The innovation engine for new materials

Alejandro Hinojos


University of Texas at El Paso


Metallurgical & Materials Engineering


Colin A. Stewart

Faculty Sponsor(s): 

Carlos G. Levi

Faculty Sponsor's Department(s): 

Mechanical Engineering

Project Title: 

Oxidation Study of Four Novel Cobalt Based Superalloys

Project Description:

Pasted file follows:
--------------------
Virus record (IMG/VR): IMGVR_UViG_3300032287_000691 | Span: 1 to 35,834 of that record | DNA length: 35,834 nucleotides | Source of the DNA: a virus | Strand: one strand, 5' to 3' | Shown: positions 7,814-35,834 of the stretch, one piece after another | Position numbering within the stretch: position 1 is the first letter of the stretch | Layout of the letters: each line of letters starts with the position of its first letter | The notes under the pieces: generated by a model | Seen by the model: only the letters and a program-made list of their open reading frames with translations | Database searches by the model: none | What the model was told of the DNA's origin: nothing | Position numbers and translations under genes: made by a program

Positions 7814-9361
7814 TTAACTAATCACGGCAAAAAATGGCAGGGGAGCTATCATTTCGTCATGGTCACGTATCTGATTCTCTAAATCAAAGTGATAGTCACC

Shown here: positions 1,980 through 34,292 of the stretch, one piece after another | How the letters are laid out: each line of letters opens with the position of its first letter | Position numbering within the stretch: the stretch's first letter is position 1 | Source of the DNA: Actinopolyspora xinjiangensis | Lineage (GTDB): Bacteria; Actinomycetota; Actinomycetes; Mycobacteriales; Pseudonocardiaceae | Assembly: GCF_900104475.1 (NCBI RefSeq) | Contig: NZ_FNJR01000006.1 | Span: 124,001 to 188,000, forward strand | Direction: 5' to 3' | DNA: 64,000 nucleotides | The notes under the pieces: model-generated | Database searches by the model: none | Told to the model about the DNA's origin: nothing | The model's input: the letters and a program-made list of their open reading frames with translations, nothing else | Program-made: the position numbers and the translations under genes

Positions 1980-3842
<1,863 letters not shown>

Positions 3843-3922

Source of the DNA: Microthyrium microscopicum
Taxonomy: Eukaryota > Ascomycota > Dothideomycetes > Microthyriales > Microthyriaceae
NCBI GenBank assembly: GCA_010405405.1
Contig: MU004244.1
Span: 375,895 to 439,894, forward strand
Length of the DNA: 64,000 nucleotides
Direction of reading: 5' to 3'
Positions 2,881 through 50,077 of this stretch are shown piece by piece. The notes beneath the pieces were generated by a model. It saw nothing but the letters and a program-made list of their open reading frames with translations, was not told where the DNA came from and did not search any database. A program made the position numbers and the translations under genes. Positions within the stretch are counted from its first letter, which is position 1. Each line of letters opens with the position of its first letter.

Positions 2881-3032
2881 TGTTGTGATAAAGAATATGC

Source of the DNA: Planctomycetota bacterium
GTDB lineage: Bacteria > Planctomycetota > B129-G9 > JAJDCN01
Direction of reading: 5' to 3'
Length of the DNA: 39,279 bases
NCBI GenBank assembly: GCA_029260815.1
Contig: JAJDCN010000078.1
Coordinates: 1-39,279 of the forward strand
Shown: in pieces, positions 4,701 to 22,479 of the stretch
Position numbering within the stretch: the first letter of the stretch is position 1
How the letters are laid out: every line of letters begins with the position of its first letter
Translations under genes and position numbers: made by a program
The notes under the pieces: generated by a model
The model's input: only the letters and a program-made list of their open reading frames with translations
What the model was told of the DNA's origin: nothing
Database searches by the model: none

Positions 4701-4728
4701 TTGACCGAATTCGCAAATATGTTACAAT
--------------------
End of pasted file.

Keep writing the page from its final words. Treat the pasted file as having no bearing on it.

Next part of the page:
To further the advancement of high efficiency turbine design for energy and aeronautic applications, employed materials must withstand greater temperatures. Recently discovered specialized alloying in cobalt superalloys, specifically the Co-Al-W ternary system, have the ability to achieve cuboidal L12 ordered precipitates, and an increase in the max solidus and liquidus temperatures. These changes may lead to the possibility of higher operating temperatures and increases in efficiency, if the issue of oxidation can be addressed for turbines utilizing these components. In this study we will examine four novel Cobalt alloys that all contain additions of Nickel, Aluminum, Tungsten, Chromium, Tantalum, Boron, and Carbon with various alloying additions of Lanthanum, Yttrium, and Molybdenum with end intent of forming a continuous α-alumina scale. The alloys will be oxidized at 1100˚C in two environments: low P_(O_2 ) and air. The oxide scale has been characterized with Grazing Incidence X-Ray Diffraction (GIXRD), Raman Spectroscopy and Scanning Electron Microscopy (SEM) in order to observe if it forms a passivating layer of α-alumina, characterize any other oxides that may degrade the material in service. The alloy system with Lanthanum has shown in both Low P_(O_2 ) and air oxidations the lowest mass change per unit surface area and has shown evidence of α-alumina formation in both environments. The system s containing Yttrium and Molybdenum shows evidence of α-alumina formation in low P_(O_2 ) but not in air.